Discover more from Like person, like coach by Iacob Bacian
'23 Weeknotes #12: Relational Crevices
You are reading ‘Like person, like coach’, a newsletter at the intersection of personal narrative and relational, integrative, anti-oppresive coaching practice.
‘The blade in my mouth grows stronger. Every year.’
- Ysra Daley-Ward
Over the years I’ve struggled with coach training that sees the coaching conversation solely an intellectual exercise. I don’t think coaching conversations happen only between minds but between mind-bodies with varied histories that come into contact in unexpected ways. That’s why I navigated towards a relational approach to coaching.
I’ve been in coaching sessions that ignored the emotional field entirely and at the end I felt in a highly triggered state. There is real danger to working in a cognitive-only mode especially with people who have experienced trauma where emotional co-regulation is a core aspect of feeling supported to learn and grow. A relational approach to coaching doesn’t automatically guarantee safe learning and to some extent ‘destabilisation’ is necessary for growth.
I’m finding that as I develop this relational practice I need to create opportunities for myself to develop the skills I need to hold these relational crevices that inevitably arise when working in this way. Most of the time these crevices are real opportunies for change but too often if we aren’t aware of the subtle ways in which they creep up we risk hurting ourselves, the other person and/or the relationship.
Have you had a coaching realtionship where things gradually start to feel ‘off’ (silence, awkwardness, disconnect, passive agressiveness) or a relationship where there are gradually more and more rescheduled sessions and eventually cancelled ones? Both have happened in my practice and have given me plenty of opportunity to reflect on how I might work differently in the future. So, what might be happening? Here are some of the processes I’m identifying this far:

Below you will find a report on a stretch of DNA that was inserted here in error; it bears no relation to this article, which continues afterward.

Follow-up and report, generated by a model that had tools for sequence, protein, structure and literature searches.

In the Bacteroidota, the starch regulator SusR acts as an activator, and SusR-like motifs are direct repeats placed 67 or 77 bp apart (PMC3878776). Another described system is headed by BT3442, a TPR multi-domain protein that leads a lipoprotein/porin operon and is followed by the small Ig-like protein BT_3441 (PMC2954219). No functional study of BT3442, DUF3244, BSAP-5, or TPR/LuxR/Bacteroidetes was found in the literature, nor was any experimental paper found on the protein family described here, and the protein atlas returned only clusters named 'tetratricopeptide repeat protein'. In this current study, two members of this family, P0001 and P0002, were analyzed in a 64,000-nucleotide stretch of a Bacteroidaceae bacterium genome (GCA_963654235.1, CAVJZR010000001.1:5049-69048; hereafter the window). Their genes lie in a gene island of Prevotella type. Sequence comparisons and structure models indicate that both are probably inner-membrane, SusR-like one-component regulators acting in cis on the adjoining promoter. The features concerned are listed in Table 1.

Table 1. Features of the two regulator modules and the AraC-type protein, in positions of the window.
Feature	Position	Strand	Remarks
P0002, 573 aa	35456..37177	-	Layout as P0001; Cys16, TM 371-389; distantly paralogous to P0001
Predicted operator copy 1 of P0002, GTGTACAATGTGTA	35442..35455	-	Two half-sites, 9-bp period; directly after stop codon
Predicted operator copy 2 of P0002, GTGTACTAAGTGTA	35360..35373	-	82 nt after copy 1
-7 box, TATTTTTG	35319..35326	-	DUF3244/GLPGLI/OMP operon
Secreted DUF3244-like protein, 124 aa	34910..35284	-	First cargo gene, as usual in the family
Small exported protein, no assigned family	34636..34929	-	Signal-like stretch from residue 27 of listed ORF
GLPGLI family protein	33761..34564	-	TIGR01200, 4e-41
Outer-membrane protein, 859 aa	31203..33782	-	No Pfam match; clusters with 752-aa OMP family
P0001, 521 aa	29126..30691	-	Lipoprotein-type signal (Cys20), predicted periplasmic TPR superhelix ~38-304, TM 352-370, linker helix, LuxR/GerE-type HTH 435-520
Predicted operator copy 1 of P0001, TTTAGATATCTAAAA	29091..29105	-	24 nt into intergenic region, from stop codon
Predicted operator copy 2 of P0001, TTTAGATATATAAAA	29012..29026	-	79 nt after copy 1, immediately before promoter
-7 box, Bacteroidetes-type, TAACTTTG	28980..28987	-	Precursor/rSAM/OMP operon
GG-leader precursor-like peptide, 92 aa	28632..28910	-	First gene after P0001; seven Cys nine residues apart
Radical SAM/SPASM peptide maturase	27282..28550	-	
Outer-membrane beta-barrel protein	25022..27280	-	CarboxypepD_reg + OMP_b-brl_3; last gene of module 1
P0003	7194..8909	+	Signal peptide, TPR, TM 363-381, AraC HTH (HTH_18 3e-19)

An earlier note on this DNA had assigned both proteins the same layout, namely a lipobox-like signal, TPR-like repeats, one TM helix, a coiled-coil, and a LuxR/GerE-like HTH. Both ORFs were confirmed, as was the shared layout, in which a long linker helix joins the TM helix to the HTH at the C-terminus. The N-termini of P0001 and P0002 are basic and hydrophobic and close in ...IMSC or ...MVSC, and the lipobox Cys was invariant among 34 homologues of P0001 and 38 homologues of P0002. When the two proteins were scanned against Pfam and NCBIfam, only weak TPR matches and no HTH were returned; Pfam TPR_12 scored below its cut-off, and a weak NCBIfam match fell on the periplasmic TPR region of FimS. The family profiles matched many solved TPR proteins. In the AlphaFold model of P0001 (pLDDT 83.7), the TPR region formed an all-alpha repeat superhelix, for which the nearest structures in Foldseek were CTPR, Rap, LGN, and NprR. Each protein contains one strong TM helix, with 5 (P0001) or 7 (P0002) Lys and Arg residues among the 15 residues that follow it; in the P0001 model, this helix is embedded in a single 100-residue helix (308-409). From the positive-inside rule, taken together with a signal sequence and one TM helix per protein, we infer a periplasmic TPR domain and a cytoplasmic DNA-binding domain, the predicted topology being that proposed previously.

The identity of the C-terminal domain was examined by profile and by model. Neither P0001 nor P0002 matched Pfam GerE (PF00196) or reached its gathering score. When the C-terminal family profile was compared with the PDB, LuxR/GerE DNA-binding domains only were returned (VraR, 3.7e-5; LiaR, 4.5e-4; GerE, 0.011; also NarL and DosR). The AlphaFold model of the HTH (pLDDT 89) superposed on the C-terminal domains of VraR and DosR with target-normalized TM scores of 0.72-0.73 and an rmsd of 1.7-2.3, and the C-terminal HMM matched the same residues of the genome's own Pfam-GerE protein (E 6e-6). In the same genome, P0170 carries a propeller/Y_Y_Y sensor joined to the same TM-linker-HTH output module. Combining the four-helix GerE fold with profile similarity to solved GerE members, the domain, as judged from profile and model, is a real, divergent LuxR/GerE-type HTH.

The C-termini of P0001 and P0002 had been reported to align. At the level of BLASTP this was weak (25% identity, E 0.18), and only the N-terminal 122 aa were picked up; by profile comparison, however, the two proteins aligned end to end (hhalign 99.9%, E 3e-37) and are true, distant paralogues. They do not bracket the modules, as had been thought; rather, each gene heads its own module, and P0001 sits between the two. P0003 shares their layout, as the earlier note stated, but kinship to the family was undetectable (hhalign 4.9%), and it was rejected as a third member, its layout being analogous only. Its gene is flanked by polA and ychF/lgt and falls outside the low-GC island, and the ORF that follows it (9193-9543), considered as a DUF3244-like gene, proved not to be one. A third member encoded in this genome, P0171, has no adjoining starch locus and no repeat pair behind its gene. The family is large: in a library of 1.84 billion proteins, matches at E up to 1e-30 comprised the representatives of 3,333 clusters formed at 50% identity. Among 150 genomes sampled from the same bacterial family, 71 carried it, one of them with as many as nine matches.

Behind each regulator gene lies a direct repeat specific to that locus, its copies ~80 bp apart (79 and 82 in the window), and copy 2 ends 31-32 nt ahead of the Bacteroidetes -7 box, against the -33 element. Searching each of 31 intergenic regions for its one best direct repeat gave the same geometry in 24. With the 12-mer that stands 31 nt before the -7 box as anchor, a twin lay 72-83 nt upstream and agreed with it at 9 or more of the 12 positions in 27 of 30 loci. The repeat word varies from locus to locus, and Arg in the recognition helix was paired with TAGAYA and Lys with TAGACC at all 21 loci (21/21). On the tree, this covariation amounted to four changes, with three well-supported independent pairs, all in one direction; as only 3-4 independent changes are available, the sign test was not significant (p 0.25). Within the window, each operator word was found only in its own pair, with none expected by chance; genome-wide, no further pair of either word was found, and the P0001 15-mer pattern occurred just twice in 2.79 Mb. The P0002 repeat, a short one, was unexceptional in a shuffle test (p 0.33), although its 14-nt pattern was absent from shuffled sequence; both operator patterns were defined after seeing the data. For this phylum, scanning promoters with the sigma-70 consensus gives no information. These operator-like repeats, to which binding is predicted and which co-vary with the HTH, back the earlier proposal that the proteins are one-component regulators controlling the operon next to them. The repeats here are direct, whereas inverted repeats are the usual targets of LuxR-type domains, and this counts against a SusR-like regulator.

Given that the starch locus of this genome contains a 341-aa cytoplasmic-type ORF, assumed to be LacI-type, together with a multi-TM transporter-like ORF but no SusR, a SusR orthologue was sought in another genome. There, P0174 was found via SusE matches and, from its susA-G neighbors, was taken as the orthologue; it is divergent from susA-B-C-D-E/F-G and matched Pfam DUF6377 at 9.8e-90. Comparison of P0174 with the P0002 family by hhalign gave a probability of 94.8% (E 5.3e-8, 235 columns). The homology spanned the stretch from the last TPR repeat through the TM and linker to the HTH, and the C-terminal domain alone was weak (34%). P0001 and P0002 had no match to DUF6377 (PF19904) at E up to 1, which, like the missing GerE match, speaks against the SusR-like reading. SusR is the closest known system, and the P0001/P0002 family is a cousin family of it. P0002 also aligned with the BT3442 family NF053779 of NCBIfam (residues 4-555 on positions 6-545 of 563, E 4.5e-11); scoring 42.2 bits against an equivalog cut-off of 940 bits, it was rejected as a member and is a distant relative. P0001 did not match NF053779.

Negative power: Triggering a parent-child dynamic between coach and client. Coach is in a position of power and unconsciously creates feelings of inadequcy in client and isn’t containing these. At times coach and client switch these roles where client is seen as in power as they are paying the coach to deliver the service.
Unclear roles: Coach takes responsibility for the coaching work and client encourages this. Client triggers inadequacy in coach and the cycle continues. Accountability and responsibility taking are lowered in both client and coach.
Difficult emotions: Triggering feelings of shame, fear, grief in client/coach. (from Simon Cavicchia, Shame in the Coaching Relationship, The Relational Coaching Field Book)
Misaligned pace: Challenge and growth is happening too fast or too slow. The process becomes too confronting too soon. Old behaviours and identities are shattered before the coach has supported client to create alternative fall-back options.
Here are some of the ways I’m trying to mitigate these at the moment - how are you approaching this work? I’d love to hear your tips and approaches.
Being in therapy, learning about my own defenses and projection mechanisms
Reading on transference and counter-transference - see Petruska Clarkson ‘Five Modes of Relationship Model’- a psychotherapeutic approach
Being in supervision, unpicking tension moments in sessions helps me identify them more readily and nip them in the bud by noticing and sharing them
Learning from Simon Cavicchia’s approach to Relational Coaching at Hult Ashridge Centre for Coaching (YouTube talk) - a Gestalt approach
Taking note of feelings, thoughts, body states within and after each coaching session - noticing and sharing these in the session where relevant and possible
Contracting for a relational approach and how we will deal with conflict and disagreement so that we have something to fall on when things feel difficult. (Charlotte Sills, Contracting, The Relational Coaching Field Book)
If you enjoy reading Like Person, Like Coach, please recommend it to others who might find useful, too. If you have feedback and suggestions on how I can deepen my learning please write me. I love to hear from the people who read, it makes me braver and it continues to remind me that learning is dialogical as much as I love a monogloue!
I’m iacob, an ICF Associate Certified Coach supporting social impact leaders to shift careers/roles and navigate cultural and structural shifts with anti-oppression as the driving force. I’m an Associate Coach with NEON, Know You More and Simply Coaching. I’m currently available for new coaching clients, roles and projects. Read more here and get in touch, I’d love to hear from you.